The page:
These portrayals are normalized. They configure stereotypic male roles of dominance, machismo, superficial notions of “strength,” and undercurrents or overtones of sexual and emotional violence. There is a celebration of demeaned women, demeaned men, demeaned LGBT individuals, sexual violence and sexual objectification of gender as entertainment. Not only do the lines between realistic, feeling men, women and transgenders merge with rigid iconic images which are false, what is right and wrong behavior also becomes opaque because the portrayals appear harmless. When men and women do not transgress these stereotypic characterizations, when they “fit in,” “political” criticism is conveniently buried. With this lack of dissent, with this “fitting in,” comes oppressed silence. The perpetrators may continue in peace; the “rape culture” continues unabated. Anyone daring to fall “outside the box” is vilified and subject to sexual and verbal violence and abuse.
Sadly, the culture at large – and parents, teachers, family members, friends – unwittingly influence one another and pick up where the media leaves off in a snaring reinforcement of how all must behave to be “acceptable,” regardless of the truth of one’s own inner identity. The rigid gender roles create confusion and dull one’s acceptance of oneself and one’s person-hood. How do young people decide for themselves whether to defy machismo norms (if one is a man) or “sexy, thin and clueless” ones (if one is a woman)? What about the images of LGBT individuals? Aren’t these objectifications the way to “attract” and “sustain” love? What happens when you don’t fit the image?
Blurred Lines underscores these themes and creates a platform for discussion about challenging and reforming our gender values and behaviors. The first level toward transformation is awareness. The production takes us through this level and activates it by showing ways to reshape behavior in a culture whose current President has normalized grotesque sexual objectification of women as mere “locker room talk” and religious politicos have sought to defame and reject LGBT individuals.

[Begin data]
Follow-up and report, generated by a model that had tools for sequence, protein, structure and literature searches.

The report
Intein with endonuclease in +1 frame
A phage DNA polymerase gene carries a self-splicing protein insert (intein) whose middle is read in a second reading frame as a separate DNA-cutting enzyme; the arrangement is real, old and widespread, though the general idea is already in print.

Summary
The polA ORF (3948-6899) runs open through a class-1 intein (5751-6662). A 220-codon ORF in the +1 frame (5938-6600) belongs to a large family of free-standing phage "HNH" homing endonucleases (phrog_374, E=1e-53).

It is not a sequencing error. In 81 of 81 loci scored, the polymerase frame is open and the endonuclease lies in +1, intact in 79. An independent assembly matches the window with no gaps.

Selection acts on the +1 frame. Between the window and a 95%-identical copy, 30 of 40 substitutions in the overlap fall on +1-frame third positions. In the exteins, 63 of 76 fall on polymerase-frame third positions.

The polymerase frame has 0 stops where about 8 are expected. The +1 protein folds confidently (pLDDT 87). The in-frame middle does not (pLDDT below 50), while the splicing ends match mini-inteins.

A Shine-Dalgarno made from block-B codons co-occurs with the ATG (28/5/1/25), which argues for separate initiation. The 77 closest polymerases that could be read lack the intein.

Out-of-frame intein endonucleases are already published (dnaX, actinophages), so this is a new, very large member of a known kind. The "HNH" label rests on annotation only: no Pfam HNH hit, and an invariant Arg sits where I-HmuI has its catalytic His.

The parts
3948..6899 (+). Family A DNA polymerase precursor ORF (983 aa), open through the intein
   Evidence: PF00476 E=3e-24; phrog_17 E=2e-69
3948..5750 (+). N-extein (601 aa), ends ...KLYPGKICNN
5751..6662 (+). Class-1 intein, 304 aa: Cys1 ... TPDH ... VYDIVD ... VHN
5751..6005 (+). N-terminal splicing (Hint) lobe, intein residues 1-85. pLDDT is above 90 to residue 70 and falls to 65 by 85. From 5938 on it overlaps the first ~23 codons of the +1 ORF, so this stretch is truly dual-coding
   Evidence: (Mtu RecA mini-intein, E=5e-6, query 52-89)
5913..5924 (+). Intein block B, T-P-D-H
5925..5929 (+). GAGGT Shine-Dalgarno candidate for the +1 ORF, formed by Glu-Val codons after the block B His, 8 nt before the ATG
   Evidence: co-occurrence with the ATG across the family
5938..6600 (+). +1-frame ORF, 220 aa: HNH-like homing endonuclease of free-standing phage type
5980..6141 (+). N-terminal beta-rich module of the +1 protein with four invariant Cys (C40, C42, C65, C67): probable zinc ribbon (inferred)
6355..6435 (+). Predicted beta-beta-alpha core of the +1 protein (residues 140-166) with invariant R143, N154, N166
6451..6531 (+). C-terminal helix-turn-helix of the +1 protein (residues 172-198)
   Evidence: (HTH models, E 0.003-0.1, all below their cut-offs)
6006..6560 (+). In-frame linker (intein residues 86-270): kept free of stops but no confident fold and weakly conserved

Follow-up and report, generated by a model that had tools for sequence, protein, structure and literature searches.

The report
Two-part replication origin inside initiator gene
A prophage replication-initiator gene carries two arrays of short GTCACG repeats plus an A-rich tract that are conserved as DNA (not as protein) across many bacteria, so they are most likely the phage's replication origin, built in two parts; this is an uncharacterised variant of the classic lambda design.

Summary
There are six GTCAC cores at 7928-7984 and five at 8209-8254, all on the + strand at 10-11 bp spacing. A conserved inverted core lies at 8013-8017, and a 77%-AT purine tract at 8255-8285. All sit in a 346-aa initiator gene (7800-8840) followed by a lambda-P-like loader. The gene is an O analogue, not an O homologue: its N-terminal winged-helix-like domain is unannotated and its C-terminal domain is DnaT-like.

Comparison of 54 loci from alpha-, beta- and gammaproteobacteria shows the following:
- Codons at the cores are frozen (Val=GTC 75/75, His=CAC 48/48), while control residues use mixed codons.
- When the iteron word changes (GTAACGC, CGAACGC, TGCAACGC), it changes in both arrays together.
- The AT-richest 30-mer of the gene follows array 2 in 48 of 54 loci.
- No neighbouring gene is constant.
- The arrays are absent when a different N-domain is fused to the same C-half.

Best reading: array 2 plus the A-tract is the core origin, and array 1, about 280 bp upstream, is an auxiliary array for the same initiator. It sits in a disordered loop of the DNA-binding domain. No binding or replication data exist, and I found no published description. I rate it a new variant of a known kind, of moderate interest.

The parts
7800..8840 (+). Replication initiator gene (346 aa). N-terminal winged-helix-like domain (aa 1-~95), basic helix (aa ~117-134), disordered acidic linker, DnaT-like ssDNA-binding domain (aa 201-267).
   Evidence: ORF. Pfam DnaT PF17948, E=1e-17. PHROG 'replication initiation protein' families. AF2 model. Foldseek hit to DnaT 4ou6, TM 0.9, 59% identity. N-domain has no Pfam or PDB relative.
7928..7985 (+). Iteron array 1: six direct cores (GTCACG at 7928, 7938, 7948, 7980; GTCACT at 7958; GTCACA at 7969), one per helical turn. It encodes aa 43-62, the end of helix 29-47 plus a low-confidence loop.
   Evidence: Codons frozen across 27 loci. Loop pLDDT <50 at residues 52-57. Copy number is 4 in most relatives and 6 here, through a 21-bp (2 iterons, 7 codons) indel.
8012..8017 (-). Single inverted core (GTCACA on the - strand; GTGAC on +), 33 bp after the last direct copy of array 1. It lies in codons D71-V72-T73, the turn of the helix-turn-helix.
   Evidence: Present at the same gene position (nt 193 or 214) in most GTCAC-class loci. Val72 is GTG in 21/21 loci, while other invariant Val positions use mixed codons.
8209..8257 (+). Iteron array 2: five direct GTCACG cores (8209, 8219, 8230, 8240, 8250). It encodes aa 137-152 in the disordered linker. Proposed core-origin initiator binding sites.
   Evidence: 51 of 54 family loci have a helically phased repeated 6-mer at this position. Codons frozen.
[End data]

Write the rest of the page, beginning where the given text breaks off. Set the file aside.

The show’s vignettes about sexual consent, human beings as property, outer appearance versus inner being, the destructive concept of having to “be” machismo or sexy and feminine to be loved, and the agonies that transgender individuals experience speak to the heart of what lies beneath a culture of rape defined by this statistic:
“Out of every 1,000 rapes, 994 perpetrators will walk free: 310 are reported to police, 57 reports lead to arrest, 11 cases get referred to prosecutors, 7 cases will lead to a felony conviction, and 6 rapists will be incarcerated.”
Blurred Lines is a terrific, maverick production. With powerful revelation it wipes away the scales from one’s eyes to show how paternalism still encourages rape culture by normalizing an objectification of bodies and appearances for sexual purposes only. Rape culture discounts the human soul inside the sexual object whether it be male, female or transgender.
This sold-out hit show has closed, for now. However, it should be seen by everyone; it is that good. Blurred Lines is available for bookings in schools and elsewhere. I would hope that Girl Be Heard will continue to seek out venues in which to perform this amazing, thrilling work. What it says we need to hear and see again and again.Powered by Sidelines